14. Hari Menon, ‘What is Seaway Bill in Shipping?’ <https://www.marineinsight.com/maritime-law/what-is-seaway-bill-in-shipping/> accessed 21 November 2023.
  15. Sze Hai Tong Bank Ltd v Rambler Cycle Co Ltd [1959] 1 MLJ 200 : see also the case of Pemunya Kargo atas Kapal ‘Istana VI’ v Pemilik Kapal atau Vesel ‘Filma Satu’ dari Pelabuhan Jakarta Indonesia and other actions [2011] 7 MLJ 145 argued by the Head of our Shipping Practice, Mr Philip Teoh.
  16. Tan Pui Yen, ‘Bill of Lading as A Document of Title’ <https://www.maritimelaw.com.my/2022/04/27/bill-oflading-as-a-document-of-title/> accessed 21 November 2023.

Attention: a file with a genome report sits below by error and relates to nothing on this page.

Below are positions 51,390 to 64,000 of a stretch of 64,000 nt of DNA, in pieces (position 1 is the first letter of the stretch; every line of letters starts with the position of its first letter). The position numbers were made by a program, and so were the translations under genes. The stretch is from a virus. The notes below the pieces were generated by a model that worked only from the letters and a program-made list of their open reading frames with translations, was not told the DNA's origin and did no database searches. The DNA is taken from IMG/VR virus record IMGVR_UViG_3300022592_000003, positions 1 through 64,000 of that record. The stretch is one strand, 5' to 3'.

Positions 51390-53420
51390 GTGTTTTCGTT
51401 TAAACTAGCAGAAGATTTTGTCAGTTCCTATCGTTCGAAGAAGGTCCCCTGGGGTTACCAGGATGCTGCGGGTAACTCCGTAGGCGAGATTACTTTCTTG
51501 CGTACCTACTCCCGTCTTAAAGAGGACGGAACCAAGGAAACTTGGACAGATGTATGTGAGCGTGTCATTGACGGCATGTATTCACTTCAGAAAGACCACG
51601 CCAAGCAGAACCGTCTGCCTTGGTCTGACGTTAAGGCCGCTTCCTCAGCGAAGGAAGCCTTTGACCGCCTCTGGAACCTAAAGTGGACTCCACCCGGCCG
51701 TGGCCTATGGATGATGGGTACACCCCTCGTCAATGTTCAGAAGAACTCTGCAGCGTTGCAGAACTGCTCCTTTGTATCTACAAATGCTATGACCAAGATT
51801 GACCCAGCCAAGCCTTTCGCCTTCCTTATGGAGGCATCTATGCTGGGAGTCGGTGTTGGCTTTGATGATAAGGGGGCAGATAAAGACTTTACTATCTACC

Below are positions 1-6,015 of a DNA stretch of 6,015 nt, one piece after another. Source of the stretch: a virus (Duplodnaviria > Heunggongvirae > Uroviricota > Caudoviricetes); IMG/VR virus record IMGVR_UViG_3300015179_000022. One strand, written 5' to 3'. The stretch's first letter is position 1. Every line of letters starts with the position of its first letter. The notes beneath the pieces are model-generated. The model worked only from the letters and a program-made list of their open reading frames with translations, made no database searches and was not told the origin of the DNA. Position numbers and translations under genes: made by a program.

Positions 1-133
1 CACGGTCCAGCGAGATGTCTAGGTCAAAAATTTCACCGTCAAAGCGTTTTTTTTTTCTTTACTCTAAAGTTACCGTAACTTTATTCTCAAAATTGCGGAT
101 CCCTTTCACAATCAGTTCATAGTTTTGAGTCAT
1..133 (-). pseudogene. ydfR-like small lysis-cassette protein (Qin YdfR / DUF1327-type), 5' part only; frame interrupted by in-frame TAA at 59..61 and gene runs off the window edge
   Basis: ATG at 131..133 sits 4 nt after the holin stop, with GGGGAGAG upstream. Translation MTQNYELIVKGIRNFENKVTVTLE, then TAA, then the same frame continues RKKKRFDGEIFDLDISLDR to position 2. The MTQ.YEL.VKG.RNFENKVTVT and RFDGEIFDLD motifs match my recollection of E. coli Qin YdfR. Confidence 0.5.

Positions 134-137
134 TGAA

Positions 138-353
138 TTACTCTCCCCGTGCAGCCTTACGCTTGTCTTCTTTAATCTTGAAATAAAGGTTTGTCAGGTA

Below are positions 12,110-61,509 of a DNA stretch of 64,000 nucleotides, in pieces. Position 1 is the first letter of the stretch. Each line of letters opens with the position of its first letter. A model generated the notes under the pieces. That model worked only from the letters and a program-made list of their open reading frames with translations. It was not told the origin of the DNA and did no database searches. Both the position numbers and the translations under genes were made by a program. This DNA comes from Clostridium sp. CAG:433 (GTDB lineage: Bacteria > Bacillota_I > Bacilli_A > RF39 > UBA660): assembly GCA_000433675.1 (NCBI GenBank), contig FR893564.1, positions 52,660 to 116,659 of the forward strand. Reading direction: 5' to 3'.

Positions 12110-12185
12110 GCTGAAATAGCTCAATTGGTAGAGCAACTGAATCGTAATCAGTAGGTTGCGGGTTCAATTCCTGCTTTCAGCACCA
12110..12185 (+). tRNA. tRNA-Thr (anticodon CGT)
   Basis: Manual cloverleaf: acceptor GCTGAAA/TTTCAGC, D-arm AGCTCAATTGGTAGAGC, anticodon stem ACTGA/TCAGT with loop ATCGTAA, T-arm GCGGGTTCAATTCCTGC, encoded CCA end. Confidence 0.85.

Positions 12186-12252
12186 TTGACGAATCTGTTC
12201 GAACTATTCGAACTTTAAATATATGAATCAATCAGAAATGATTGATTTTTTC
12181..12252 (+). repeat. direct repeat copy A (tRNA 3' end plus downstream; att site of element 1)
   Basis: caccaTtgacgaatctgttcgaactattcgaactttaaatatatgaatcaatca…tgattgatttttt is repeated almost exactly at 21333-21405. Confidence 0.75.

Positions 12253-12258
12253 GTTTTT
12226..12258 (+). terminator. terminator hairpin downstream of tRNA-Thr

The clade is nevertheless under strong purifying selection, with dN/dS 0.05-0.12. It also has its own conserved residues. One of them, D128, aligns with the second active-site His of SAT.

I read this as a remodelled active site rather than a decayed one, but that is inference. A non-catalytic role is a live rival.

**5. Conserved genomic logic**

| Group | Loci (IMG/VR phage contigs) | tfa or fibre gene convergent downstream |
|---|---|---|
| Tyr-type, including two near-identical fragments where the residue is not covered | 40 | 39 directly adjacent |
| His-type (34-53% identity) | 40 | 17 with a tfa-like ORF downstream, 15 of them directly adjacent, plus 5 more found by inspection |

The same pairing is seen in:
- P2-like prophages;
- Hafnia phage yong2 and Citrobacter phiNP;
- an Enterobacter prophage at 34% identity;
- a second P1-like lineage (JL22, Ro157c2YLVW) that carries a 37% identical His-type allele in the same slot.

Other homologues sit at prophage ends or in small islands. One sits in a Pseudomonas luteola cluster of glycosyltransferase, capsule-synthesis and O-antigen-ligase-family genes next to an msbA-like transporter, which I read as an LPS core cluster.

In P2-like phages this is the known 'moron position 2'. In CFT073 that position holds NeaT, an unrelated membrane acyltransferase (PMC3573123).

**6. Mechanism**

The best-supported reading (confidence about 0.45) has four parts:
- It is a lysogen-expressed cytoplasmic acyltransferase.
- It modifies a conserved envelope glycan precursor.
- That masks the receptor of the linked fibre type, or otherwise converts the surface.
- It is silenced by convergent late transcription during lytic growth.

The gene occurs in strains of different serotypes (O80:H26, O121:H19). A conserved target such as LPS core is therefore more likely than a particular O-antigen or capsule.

17. Arnesh Roy, ‘House Bill of Lading vs. Master Bill of Lading’ <https://www.shippingsolutions.com/blog/house-bill-of-lading-vs.-master-bill-of-lading> accessed 21 November 2023.
  18. (n 10).
  19. Roman T. Keenan, ‘Charter Parties and Bills of Lading’ 42 Marq. L. Rev. 346 (1959). Available at: http://scholarship.law.marquette.edu/mulr/vol42/iss3/5.

 

Written by:

Philip Teoh (Partner) philip.teoh@azmilaw.com

Laura Yew Qua Jane (Legal Executive) laurayew@azmilaw.com

Lee Jie Zing (Legal Executive) leejiezing@azmilaw.com

 

Corporate Communications
Azmi & Associates

16 January 2024